CHICAGO — Two Minnesota lawmakers plan to introduce legislation next week that would delay any state bond issuance for the new $975 million Minnesota Vikings professional football stadium until a stable revenue source is in place that can support repayment.

State legislation allows for the issuance of up to $500 million of appropriation-backed bonds to finance the state's $350 million share of the stadium costs and Minneapolis' $150 million share. The state intends to repay its piece with revenues expected from an expansion of charitable gambling. Officials have said no sale is expected before August.

Lawmakers have expressed concerns about the dramatic shortfall in near-term projections of revenues from expanded gaming and worry that as a result the state general fund could wind up on the hook for $34 million in annual debt repayment.

The proposed bill would delay any bond sale until a "proven revenue source is determined," read a statement from state Sen. Sean Nienow, R-Cambridge, who will sponsor the legislation with state Rep. Mary Franson, R-Alexandria.

"Are we really going to build a sports stadium and take money from education, health care and maintaining roads," Nienow said in a statement. "When the stadium bill was debated I said the E-pull tax revenue source was based on 'fairies and fufu dust.' It appears I have been proven correct."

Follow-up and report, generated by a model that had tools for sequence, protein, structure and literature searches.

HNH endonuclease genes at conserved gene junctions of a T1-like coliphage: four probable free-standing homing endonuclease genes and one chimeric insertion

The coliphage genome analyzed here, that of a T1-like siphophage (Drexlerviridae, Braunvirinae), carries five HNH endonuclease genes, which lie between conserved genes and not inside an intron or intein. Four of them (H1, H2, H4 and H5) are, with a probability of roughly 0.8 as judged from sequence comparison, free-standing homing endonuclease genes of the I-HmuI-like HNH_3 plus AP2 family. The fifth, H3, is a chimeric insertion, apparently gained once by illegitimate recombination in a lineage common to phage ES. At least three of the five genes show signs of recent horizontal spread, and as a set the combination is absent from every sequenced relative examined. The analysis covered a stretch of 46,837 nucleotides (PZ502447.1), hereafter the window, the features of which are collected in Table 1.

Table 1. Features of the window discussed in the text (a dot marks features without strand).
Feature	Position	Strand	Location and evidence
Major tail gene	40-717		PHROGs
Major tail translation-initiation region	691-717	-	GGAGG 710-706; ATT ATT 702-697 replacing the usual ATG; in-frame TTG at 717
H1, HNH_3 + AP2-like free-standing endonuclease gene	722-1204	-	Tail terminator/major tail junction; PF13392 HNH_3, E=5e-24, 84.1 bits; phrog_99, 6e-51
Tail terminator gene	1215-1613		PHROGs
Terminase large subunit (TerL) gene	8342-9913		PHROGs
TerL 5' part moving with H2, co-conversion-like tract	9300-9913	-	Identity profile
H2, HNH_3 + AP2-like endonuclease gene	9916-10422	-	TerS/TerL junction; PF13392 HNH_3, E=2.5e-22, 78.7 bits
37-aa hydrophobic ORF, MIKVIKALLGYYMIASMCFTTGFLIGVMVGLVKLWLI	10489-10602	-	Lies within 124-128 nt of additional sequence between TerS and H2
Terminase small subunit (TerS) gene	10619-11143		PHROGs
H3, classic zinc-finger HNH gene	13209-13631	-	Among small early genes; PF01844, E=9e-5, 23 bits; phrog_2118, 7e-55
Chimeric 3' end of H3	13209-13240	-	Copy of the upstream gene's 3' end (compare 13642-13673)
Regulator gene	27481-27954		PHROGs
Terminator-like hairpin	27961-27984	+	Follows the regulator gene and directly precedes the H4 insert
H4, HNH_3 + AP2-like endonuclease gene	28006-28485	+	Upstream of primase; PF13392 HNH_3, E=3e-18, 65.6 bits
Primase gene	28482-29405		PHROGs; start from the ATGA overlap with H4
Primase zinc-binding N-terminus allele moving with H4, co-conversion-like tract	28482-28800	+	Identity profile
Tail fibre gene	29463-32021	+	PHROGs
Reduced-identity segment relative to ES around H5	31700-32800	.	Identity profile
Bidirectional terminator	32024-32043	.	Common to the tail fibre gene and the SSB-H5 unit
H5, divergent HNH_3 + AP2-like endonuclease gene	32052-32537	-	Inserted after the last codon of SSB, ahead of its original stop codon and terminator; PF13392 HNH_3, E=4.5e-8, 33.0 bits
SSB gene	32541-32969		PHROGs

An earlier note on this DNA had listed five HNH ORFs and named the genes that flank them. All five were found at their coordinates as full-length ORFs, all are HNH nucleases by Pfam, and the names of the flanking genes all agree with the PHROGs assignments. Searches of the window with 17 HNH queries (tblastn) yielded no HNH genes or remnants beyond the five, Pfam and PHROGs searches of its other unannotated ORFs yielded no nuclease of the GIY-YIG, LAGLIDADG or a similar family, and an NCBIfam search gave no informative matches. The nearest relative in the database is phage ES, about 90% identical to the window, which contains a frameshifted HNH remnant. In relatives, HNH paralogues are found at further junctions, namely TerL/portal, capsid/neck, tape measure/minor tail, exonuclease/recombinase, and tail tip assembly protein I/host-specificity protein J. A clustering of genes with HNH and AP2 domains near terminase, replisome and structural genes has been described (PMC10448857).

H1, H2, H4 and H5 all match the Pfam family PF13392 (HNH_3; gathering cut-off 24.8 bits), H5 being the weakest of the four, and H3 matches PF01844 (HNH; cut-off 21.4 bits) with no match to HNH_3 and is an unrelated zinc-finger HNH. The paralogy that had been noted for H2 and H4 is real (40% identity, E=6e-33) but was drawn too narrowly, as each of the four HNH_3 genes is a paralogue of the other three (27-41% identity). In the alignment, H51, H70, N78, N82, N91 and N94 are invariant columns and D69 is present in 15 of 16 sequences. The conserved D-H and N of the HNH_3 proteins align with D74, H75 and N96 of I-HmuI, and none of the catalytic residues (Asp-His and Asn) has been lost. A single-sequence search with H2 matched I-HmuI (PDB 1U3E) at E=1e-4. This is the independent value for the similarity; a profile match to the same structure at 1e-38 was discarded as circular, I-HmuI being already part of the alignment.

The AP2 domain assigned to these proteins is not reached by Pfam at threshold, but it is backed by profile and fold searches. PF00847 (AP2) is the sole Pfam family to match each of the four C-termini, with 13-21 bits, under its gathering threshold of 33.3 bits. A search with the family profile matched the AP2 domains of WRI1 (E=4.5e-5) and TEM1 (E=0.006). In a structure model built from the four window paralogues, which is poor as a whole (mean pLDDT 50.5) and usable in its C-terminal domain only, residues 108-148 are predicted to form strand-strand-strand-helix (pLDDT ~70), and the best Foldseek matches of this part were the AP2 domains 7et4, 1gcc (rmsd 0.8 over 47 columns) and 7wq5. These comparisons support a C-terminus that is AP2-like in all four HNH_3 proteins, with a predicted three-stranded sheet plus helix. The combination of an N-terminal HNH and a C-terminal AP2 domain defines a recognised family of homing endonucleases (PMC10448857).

The state last year launched the electronic pull-tab games and the gaming commission last month approved new electronic bingo around the state. The state collects and keeps taxes on the gambling profits - which go to charities. Additional revenue is also expected as the number of bars that offer the electronic pull-tabs expands.

The team is contributing $477 million towards the project. The Minnesota Sports Facilities Authority hopes to break ground later this year on the new stadium in downtown Minneapolis. The 65,000-seat stadium is to be built adjacent to the 30-year-old Hubert H. Humphrey Metrodome, and open in time for the 2016 NFL season.

The city will make annual payments to Minnesota beginning in 2021 and continuing through 2046 to retire its share of the state debt. The city will use revenues from various hospitality and sales taxes that now go to repay its convention center debt.

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